Background: To perform a risk analysis study to determine the probability of a spinal fracture being of malignant origin in patients presenting at a level I trauma centre emergency room after trauma.
Patients and methods: Data from 334 consecutive patients were retrospectively obtained from 1993 to 2003. They were divided into two groups: group 1—(benign) traumatic fractures; and group 2—malignant fractures (n = 32). For statistical analysis independent Student t test, χ2 test, and backward-stepwise logistic regression were used.
Results: The risk of vertebral fractures appearing to be of malignant origin increased with anatomical location (non-cervical—that is, thoracic or lumbar: odds ratio (OR) 48, 95% confidence interval (CI) 8 to 291), a history of malignancy (OR 72, 95% CI 12 to 422), trauma mechanism (that is, high energy: OR 0.03, 95% CI 0.003 to 0.28), and age >64 years (OR 3, 95% CI 0.9 to 12). Hence, patients over 64 years old attending the emergency room, with a vertebral fracture after a low energy trauma, had an approximately 50% chance of having a malignant fracture. With a non-cervical location and a history of malignancy this increased to 98%. Regardless of the trauma mechanism and age of the patient, a history of a malignancy and a non-cervical fracture posed at least a 36% risk of having a malignant fracture.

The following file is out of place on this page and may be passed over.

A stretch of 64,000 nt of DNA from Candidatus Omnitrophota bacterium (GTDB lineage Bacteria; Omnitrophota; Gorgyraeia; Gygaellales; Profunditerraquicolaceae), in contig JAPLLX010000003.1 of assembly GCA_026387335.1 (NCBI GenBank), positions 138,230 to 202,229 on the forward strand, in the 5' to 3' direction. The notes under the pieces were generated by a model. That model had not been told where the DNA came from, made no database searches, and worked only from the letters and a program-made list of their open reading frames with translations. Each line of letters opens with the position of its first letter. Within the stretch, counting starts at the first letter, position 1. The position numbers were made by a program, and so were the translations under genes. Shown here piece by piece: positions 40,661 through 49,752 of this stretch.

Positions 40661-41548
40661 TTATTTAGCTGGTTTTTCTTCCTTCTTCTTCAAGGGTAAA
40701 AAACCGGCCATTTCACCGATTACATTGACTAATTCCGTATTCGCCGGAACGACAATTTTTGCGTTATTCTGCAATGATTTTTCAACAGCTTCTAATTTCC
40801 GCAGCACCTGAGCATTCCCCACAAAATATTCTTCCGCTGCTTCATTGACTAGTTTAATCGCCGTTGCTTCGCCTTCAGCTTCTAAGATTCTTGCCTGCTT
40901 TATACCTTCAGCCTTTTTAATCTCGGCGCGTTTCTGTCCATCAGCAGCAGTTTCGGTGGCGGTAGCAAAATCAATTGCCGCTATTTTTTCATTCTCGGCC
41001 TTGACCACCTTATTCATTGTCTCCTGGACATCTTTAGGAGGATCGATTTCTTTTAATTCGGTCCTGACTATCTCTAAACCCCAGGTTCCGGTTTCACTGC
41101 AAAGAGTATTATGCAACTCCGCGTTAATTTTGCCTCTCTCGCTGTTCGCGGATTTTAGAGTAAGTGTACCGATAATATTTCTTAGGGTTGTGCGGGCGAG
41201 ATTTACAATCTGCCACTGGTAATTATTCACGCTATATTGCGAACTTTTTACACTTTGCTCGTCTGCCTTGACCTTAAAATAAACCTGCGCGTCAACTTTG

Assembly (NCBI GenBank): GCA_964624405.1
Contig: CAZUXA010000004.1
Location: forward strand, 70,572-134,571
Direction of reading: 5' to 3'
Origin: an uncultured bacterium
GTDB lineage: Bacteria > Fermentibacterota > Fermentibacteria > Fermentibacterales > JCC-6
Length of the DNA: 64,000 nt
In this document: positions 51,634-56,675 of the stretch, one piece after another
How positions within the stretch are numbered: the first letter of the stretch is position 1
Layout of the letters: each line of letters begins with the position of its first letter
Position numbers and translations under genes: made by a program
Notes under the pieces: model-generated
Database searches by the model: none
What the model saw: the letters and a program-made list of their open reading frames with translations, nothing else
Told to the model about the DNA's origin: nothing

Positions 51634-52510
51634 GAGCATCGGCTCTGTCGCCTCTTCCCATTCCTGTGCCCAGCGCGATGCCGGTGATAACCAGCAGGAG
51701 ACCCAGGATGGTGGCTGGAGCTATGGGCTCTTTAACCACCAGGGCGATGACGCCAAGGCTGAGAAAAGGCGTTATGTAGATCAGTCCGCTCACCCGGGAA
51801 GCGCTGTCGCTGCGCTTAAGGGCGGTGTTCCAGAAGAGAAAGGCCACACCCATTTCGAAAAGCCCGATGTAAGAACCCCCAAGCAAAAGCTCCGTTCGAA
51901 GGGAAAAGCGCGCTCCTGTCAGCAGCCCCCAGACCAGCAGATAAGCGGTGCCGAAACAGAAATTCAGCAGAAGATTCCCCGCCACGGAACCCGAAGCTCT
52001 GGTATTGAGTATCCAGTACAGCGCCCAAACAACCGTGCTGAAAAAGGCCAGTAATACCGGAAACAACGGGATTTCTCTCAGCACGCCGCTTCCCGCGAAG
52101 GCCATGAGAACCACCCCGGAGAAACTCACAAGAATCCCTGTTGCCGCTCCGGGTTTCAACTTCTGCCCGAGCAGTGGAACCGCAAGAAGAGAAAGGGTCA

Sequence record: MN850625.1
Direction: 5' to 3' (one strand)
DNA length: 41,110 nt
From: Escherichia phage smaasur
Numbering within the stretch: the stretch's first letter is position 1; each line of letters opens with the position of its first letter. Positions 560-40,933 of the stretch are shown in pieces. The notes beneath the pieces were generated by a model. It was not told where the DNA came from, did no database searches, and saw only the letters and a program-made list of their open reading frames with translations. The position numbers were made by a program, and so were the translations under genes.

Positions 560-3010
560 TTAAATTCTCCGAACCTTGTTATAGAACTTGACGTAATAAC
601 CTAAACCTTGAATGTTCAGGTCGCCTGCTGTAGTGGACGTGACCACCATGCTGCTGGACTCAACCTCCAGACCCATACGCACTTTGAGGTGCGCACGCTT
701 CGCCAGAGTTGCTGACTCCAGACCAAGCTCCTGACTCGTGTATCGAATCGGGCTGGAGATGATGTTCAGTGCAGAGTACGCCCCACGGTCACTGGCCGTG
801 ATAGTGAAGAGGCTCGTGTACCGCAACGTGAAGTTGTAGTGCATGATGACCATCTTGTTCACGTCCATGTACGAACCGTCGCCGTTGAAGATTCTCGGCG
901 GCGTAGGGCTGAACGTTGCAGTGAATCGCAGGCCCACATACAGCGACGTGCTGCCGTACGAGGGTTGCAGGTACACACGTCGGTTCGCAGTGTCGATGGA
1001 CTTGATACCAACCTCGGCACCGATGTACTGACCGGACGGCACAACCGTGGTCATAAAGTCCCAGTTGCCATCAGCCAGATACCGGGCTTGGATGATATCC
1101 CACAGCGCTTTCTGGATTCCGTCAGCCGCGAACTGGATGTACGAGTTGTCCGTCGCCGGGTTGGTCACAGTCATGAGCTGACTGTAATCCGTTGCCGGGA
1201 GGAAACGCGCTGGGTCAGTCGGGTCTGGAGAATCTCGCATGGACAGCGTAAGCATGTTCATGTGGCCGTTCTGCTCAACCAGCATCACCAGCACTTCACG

Conclusion: Supported by the present results we feel the probability of malignant fractures, although not frequently encountered, should always be considered in elderly and middle-aged patients with a history of malignancy and a non-cervical traumatic fracture.
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Competing interests: None declared.
- mean regression coefficient
- third cervical vertebra
- confidence interval
- computed tomography
- emergency room
- Glasgow Coma Score
- magnetic resonance imaging
- odds ratio
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